Career Taxidermy

Career taxidermy makes dead models of work and family look alive.

When I was a young woman in a man's world, my students gave me a desk plaque: "The bad news is a woman has to be twice as good as a man to get ahead. The good news is it's not that hard." It cheered us all. Many years later, I spoke to a group of about 30 Harvard Business School women graduates and found something startling. Only one was still working full time. The rest had reluctantly taken a different path, typically after having a second child. Of those, only two had channeled their careers into part-time work. The others were full-time moms—because they had no choice. Their lives had become the nexus of irreconcilable forces. As good girls and good students, they embraced their times, eagerly absorbing education and experience. But even with all that energy and skill, they had careened into a wall. Getting ahead wasn't only about how "good" you were. It also depended on surrendering to a century-old vision of the professional career.

Lately, the media has been fascinated with women who have "opted out" of careers to care for their children. These stories read like close-ups of someone dripping wet without revealing that she's standing in a hurricane—all symptoms, no cause. Let's talk hurricane: Highly trained women leaving work aren't opting out. Torn up by conflicts between motherly love, inflexible career structures, and substandard child care, they're being "squeezed out" of organizations that have quietly but determinedly resisted their presence by not adapting to their needs.

How has this happened? Career taxidermy. Taxidermy is the art of taking something dead and making it appear alive, forever. A century ago, managerial capitalism was invented along with the template for the modern career. It reflected the biology and sociology of employees then. Biologically, they were men. Sociologically, they had wives caring for home and family. Careers followed the inverted "U" curve, starting out in early adulthood and progressing to retirement, and career advancement was an exercise in moral development. The men who suppressed their individuality to conform to the organization got promoted.

This template has been stuffed and mounted. The inverted "U" is the universal gold standard. Conformity remains essential. Individuals have little say over the structure, pacing, or content of their careers. The big difference, of course, is that the way of life expressed in the old template has vanished.

In 1970, the husband was the sole wage earner in a majority of couples. By 1995, a woman's income accounted for half or more of the total income in a majority of families. Sixty percent of families had dual earners in 2000. Many couples now work much longer hours. This isn't ambition but necessity. In their new book, The Time Divide: Work, Family and Gender Equality (Harvard University Press, 2004), sociologists Jerry A. Jacobs and Kathleen Gerson show that since 1970, companies have demanded more commitment from the top end of the labor force. This increase has been most dramatic among women, professionals/managers, and the college-educated. Among college grads, one-fifth of the women and 40% of the men now work 50-plus hours a week. Ninety percent of these women and 80% of these men wish for fewer hours.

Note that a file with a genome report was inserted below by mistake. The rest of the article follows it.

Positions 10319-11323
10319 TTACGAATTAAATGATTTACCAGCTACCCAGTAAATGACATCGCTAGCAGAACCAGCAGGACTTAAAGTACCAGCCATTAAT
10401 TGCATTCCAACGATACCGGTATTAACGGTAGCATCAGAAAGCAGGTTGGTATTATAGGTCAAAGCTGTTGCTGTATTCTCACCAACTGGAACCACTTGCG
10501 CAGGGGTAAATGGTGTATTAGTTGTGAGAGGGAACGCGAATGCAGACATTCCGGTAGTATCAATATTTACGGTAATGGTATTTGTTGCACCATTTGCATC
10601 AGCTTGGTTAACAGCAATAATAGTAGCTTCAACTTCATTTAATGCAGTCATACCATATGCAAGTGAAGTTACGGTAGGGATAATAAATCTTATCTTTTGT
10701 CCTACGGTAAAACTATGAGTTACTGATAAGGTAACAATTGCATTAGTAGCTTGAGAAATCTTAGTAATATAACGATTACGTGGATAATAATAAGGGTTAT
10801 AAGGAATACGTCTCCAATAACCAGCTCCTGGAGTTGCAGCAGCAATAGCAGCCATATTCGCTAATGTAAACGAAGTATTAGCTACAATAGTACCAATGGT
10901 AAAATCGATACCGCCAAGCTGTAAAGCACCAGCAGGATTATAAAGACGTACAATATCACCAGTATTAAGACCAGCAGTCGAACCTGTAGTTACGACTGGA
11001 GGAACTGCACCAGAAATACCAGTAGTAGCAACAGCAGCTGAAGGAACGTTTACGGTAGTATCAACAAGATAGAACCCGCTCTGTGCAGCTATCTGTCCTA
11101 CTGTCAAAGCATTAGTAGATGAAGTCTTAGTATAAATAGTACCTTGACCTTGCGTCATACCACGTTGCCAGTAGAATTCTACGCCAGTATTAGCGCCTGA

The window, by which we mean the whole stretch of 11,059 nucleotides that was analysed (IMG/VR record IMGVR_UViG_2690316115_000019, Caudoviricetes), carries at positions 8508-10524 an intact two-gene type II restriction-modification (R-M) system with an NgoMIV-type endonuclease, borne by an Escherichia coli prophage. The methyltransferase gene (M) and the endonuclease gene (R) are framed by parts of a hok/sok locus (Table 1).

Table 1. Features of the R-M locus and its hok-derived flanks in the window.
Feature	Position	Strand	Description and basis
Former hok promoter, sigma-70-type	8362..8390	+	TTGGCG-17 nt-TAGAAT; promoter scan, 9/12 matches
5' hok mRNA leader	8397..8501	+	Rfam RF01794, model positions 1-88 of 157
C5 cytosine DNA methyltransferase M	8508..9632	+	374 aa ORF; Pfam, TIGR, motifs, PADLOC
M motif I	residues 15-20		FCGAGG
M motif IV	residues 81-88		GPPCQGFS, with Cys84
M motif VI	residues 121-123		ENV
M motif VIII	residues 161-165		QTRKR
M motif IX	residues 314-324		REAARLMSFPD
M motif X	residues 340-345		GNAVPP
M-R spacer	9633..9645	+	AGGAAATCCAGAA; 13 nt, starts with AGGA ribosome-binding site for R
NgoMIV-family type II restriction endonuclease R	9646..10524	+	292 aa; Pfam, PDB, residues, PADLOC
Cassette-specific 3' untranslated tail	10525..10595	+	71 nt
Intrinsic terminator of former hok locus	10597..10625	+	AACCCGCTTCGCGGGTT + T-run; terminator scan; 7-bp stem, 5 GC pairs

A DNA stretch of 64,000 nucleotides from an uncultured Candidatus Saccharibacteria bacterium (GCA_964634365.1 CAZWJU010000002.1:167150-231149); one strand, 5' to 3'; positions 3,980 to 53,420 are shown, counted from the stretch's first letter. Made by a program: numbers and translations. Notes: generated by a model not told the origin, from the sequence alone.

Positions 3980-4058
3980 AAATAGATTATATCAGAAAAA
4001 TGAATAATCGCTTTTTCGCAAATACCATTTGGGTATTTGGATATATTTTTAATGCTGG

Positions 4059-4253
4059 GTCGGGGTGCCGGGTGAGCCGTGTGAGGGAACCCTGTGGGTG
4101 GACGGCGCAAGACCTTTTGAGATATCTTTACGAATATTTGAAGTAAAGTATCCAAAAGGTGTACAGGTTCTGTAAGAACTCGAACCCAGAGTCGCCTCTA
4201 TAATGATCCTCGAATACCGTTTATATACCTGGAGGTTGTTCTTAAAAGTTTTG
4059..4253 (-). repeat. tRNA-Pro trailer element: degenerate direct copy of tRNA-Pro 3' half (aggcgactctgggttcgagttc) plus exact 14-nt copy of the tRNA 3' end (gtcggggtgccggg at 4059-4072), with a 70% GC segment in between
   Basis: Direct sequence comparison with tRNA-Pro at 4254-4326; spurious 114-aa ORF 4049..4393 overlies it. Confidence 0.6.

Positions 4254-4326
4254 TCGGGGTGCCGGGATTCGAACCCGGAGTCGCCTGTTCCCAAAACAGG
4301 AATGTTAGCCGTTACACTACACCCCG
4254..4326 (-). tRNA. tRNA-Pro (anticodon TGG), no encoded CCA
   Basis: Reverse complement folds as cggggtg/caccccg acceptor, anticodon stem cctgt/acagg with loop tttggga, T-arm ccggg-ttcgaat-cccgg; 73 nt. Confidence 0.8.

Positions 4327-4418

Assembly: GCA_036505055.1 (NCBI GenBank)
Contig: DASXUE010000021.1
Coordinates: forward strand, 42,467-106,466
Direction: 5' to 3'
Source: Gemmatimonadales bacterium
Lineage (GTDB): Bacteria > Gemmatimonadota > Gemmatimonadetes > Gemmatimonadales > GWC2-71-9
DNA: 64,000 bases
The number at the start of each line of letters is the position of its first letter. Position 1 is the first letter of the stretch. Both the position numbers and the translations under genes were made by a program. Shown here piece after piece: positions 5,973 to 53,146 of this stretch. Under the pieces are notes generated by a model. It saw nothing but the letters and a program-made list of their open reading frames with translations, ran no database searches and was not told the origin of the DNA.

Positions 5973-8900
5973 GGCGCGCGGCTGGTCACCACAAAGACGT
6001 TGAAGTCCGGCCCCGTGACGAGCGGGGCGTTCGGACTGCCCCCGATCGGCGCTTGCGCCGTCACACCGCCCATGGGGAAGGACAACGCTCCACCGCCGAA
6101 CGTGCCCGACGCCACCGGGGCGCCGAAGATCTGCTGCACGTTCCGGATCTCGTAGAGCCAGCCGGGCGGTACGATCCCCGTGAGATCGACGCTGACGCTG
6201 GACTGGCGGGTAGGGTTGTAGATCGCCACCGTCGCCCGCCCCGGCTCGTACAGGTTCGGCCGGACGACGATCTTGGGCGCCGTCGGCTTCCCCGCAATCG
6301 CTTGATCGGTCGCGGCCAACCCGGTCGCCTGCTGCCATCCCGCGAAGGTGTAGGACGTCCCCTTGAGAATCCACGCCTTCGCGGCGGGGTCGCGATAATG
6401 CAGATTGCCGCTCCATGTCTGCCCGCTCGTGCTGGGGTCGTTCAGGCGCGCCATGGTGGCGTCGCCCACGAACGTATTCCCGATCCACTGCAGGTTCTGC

The strength of career taxidermy is also expressed in the elusiveness of meaningful part-time work or other flexible arrangements. Ninety-six percent of employees surveyed in a recent Harris poll wanted more flexibility and control over work than employers provide. A Cornell study found that only 10% of couples wanted the male-as-sole-breadwinner arrangement, but 25% had been forced into it for lack of options. Moms and dads who don't conform to the "time norms" in their organizations fall victim to ostracism, or worse, career suicide.

The typical professional college-educated mother lives in the eye of the hurricane. In fact, her whole family is under siege. They have ventured into a profoundly new kind of life, but face companies stuck in the past, still choosing to deny these seismic changes, as if they'll disappear.

The official remedies blame the victim. Women are exhorted to leave work while still fertile. Or speak up and assert their demands. Or find a better work-life balance. Or do yoga. Or buy fragrant plug-ins intended to distract from an unvacuumed house. All of these demurely ignore the elephant in the room that is career taxidermy. We need to shift from symptoms to cause. Our organizations should be held accountable, expected to change with the times, just like the rest of us. If men could invent the modern career 100 years ago, then women and men can reinvent it today. Remember the good news . . . it's not that hard.

Shoshana Zuboff is a professor at Harvard Business School. Join Zuboff's online discussion (www.fastcompany.com/keyword/support).

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